The stigma associated with going bankrupt can leave Indiana entrepreneurs reluctant to file for Chapter 13 bankruptcy, fearing that doing so will make it impossible to secure business financing for a long time. However, going bankrupt does not mean every lender will shut their doors on you. In fact, in some cases bankruptcy may not affect your ability to find a loan at all.

Chron.com points out that if you have an existing business with its own credit, you can build your loan based upon that credit and not your personal credit. This means that filing for Chapter 13 bankruptcy may not be an impediment to finding a loan if you are running a business that is already established. However, if you want to start a new business, the prospects for securing a loan become more difficult, though not prohibitively so.

When you approach a lender to finance a new business, the lender will want to look at your personal credit score. If you have just exited bankruptcy, it may be a good idea to focus on rebuilding your credit first, since lenders may consider you a credit risk. However, you might not need to wait long. Some lenders will take on bankruptcy filers if the bankruptcy was completed at least two years ago.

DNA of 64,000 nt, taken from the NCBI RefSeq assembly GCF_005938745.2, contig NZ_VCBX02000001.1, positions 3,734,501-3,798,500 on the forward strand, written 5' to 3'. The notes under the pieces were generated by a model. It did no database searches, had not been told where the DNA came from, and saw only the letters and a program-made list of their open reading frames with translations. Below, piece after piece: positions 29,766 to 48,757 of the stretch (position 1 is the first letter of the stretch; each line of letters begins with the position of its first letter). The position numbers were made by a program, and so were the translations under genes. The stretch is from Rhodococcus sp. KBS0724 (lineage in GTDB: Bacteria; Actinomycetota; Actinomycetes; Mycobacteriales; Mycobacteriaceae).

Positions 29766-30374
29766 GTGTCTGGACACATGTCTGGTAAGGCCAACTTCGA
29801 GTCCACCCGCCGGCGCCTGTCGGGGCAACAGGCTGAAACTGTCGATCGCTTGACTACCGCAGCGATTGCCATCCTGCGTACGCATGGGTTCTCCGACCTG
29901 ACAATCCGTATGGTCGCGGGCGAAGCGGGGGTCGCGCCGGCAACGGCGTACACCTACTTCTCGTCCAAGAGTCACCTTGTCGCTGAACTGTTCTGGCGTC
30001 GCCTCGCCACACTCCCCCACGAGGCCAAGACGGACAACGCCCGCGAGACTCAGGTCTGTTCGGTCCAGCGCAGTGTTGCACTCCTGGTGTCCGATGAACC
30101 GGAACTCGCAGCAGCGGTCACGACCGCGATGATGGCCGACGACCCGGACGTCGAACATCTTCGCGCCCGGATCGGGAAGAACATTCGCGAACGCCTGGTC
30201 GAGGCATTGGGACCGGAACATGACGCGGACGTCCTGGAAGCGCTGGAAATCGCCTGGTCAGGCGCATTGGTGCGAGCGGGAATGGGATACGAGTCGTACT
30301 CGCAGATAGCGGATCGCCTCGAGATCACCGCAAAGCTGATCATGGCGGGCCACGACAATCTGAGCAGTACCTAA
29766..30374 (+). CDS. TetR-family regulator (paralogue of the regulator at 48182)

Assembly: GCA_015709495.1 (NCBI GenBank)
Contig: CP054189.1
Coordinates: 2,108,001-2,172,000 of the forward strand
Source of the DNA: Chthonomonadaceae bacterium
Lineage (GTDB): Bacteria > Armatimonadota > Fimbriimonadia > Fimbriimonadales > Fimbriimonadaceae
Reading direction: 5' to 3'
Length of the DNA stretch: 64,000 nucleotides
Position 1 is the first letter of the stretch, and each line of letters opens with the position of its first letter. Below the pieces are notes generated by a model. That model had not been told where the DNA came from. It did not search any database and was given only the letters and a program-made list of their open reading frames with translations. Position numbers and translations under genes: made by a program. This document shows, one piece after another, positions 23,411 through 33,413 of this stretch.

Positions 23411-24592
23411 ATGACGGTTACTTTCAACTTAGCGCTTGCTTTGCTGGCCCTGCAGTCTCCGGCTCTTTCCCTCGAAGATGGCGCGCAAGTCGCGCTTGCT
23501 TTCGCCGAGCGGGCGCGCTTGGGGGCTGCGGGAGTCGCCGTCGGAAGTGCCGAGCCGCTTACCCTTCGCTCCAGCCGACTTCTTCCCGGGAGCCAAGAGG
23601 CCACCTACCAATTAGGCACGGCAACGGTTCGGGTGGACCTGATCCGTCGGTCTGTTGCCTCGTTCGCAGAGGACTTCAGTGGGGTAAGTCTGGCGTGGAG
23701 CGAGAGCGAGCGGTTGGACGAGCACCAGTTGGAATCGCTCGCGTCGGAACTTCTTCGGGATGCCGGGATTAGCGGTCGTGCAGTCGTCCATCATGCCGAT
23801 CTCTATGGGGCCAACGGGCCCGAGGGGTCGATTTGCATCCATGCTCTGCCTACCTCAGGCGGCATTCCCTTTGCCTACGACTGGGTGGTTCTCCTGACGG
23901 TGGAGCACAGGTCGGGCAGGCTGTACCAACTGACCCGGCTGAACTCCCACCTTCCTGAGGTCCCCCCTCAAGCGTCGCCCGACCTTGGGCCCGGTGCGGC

Aside from your credit, lenders want to examine your business plan to see if you can run your business well and that your proposed business stands a good chance of generating income. You will need to explain how your business can make money and how you will make the public aware of your goods or services. This is also a good time to show your credentials that demonstrate your ability to run a business, like your educational degrees or business certifications.

If your credit report still seems like an insurmountable obstacle, consider talking with your lenders about what happened to cause you to go bankrupt and how you will improve your spending practices. Some lenders are willing to hear your side of the story while making a decision to approve a business loan. To help your case, consider bringing a co-signer for the loan. A business partner or family member with better credit can encourage a lender to approve your loan.

This article about Chapter 13 bankruptcy is only intended for educational benefit and should not be interpreted as legal advice.